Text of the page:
All the preventive measures put in place face subconscious — or maybe not so subconscious — opposition from the population for at least three reasons I hear or deduce. One, by the time the facility instituted masks and social distancing, the worst of the infection was over here, creating a false sense of security by those untested and not sick, uninfected or asymptotic. Two, we have received mixed messaging from TV, as well as a diversity of opinion from family, friends and even some officers and staff regarding the efficacy of masks and social distancing. The mixed messaging from the White House and other opinion brokers has created an epidemic of mixed messages writ large, fomenting uncertainty, exhaustion and complacency. Three, hopelessness is the main ingredient of fatalism. I have heard a couple of guys state, “…if it’s meant for me to get the virus and die, F#$! it. But I ain’t wearing no mask.”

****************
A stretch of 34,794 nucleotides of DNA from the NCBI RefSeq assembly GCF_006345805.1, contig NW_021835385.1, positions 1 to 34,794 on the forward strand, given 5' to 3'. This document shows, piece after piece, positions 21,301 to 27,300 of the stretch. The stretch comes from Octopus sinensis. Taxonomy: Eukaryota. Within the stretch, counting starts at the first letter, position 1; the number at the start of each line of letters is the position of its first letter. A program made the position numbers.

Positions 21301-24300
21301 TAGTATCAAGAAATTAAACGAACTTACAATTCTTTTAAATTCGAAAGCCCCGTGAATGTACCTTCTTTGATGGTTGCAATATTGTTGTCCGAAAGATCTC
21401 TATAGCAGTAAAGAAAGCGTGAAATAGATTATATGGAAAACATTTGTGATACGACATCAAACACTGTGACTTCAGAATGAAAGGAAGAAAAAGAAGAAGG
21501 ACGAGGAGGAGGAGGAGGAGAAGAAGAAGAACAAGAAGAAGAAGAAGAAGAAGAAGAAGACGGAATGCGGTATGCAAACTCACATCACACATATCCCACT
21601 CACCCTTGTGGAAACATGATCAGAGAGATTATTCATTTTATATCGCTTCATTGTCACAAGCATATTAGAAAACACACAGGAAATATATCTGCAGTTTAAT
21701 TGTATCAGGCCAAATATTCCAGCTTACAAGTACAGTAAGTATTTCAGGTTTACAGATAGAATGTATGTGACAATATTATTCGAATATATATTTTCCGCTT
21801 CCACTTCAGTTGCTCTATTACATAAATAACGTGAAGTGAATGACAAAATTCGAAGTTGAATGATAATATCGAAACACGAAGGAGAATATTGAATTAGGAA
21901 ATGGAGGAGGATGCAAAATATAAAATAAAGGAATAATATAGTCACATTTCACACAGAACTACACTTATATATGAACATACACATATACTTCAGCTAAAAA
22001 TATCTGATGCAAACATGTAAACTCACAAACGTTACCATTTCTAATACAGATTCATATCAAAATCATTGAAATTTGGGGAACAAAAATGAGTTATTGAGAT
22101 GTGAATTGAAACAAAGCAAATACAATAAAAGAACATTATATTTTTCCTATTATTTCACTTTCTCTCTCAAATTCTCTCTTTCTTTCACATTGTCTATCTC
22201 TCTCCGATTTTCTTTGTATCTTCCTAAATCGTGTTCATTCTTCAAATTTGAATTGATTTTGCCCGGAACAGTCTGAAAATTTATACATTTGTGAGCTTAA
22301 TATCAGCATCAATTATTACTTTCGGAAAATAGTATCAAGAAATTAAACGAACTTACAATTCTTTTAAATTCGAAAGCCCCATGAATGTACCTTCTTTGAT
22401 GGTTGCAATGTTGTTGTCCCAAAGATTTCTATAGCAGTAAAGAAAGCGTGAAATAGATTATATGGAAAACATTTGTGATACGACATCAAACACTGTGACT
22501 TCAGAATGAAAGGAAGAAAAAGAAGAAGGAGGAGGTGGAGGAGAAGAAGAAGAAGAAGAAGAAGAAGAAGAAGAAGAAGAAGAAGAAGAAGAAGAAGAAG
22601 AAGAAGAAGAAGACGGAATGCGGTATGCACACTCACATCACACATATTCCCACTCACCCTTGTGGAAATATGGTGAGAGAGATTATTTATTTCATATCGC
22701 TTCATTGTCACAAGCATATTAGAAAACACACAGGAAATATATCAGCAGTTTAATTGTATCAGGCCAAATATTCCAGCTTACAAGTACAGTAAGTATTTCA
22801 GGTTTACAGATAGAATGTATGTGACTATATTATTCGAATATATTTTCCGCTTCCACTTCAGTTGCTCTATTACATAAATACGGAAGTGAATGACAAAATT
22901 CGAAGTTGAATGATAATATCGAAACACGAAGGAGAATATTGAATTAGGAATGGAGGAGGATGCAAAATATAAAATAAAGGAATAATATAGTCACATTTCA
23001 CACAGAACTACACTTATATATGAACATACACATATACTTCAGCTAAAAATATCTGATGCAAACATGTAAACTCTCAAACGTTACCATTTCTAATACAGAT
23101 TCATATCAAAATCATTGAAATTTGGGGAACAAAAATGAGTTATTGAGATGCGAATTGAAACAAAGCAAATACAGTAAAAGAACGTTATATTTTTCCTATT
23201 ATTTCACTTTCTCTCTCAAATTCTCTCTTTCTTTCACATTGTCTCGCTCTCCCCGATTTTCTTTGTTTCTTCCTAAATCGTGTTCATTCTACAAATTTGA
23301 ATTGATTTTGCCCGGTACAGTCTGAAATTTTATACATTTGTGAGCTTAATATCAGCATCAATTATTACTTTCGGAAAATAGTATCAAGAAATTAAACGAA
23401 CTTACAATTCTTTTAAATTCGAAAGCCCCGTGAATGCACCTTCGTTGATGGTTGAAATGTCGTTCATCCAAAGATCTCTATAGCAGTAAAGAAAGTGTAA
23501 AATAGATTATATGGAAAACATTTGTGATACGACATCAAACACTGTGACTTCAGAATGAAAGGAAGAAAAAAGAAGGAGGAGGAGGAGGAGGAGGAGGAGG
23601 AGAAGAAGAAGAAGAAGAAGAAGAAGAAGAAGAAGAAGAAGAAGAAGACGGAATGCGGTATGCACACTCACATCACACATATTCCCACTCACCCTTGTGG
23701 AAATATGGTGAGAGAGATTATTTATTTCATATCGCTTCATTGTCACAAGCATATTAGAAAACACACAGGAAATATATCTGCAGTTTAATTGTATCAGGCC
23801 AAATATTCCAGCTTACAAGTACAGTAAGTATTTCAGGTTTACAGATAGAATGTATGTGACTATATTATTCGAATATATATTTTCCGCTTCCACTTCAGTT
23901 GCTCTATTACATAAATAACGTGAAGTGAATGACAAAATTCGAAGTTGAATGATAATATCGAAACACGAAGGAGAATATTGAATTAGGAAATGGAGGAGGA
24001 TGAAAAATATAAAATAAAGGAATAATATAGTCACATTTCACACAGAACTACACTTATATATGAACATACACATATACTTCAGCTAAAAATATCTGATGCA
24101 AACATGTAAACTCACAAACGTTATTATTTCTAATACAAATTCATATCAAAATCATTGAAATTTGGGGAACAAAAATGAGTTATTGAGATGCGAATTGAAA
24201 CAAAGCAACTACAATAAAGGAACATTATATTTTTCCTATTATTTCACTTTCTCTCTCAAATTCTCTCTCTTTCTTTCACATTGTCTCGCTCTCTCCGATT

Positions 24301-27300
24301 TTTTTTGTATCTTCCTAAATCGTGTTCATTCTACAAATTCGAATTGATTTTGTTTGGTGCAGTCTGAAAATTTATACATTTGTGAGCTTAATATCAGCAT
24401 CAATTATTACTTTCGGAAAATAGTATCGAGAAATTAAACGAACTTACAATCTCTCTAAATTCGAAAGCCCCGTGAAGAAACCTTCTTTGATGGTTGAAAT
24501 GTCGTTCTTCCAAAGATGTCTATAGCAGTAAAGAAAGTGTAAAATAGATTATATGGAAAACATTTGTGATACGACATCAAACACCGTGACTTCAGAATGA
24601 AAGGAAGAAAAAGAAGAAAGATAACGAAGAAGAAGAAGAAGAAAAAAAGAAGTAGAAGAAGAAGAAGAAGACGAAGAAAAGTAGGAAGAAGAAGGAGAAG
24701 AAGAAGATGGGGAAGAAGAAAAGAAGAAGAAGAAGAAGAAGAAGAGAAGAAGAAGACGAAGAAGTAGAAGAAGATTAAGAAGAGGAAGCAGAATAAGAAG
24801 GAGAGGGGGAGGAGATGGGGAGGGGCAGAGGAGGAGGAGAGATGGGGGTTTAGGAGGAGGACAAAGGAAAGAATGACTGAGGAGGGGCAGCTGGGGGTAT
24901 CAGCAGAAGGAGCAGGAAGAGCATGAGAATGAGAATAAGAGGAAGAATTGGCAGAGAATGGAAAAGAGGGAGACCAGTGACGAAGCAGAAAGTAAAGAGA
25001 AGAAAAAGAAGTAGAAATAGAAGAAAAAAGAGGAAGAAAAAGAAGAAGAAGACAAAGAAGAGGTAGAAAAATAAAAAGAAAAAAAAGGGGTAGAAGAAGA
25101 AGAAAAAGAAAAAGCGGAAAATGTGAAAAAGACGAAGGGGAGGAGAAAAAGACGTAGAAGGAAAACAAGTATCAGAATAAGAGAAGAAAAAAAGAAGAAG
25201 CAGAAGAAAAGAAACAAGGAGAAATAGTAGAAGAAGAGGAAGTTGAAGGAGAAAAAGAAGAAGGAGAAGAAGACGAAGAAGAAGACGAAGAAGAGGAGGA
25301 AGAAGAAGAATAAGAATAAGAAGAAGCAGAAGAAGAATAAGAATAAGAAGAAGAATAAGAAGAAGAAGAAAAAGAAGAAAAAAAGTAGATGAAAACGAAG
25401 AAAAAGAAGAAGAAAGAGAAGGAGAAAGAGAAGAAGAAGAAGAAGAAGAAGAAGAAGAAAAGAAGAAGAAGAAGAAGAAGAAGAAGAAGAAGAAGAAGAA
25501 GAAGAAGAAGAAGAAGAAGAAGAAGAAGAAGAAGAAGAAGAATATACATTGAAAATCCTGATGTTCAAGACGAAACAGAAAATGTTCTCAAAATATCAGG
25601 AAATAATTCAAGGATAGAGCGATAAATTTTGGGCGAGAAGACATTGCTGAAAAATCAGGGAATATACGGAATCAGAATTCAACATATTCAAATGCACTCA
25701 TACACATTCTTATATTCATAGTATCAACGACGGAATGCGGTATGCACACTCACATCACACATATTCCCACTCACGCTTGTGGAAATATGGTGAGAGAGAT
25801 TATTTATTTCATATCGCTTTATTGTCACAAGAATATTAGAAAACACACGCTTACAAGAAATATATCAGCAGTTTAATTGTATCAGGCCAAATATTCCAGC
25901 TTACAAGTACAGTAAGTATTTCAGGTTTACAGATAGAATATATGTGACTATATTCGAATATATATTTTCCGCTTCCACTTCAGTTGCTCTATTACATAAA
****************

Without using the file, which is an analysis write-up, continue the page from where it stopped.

On Wednesday, July 30, 2020, New York Public Radio reported that Fishkill and Greenhaven Correctional Facilities saw spikes in COVID-19 infections. In response to the outcry from both inmates and loved ones to release aging inmates, the New York State Department of Correction and Community Supervision has designated Adirondack Correctional Facility, in the northern tier of the state, the State’s geriatric facility. Some inmates 65 years and older have been moved there. In their most recent newsletter, the organization RAPP (Releasing Aging People in Prison) reported that they are sponsoring a bill in the New York State Assembly to make every inmate 55 years and older, with 15 years served, eligible for release consideration by the parole board. One inmate shipped to Adirondack has tested positive for the COVID-19, stirring the always boiling communal pot of cynicism among inmates about the motivations of our keepers. Most of the inmates sent there did not want to go, especially those inmates housed here with loved ones who visit from New York City. Sing Sing is 40 minutes outside New York City. Adirondack is 10 hours away.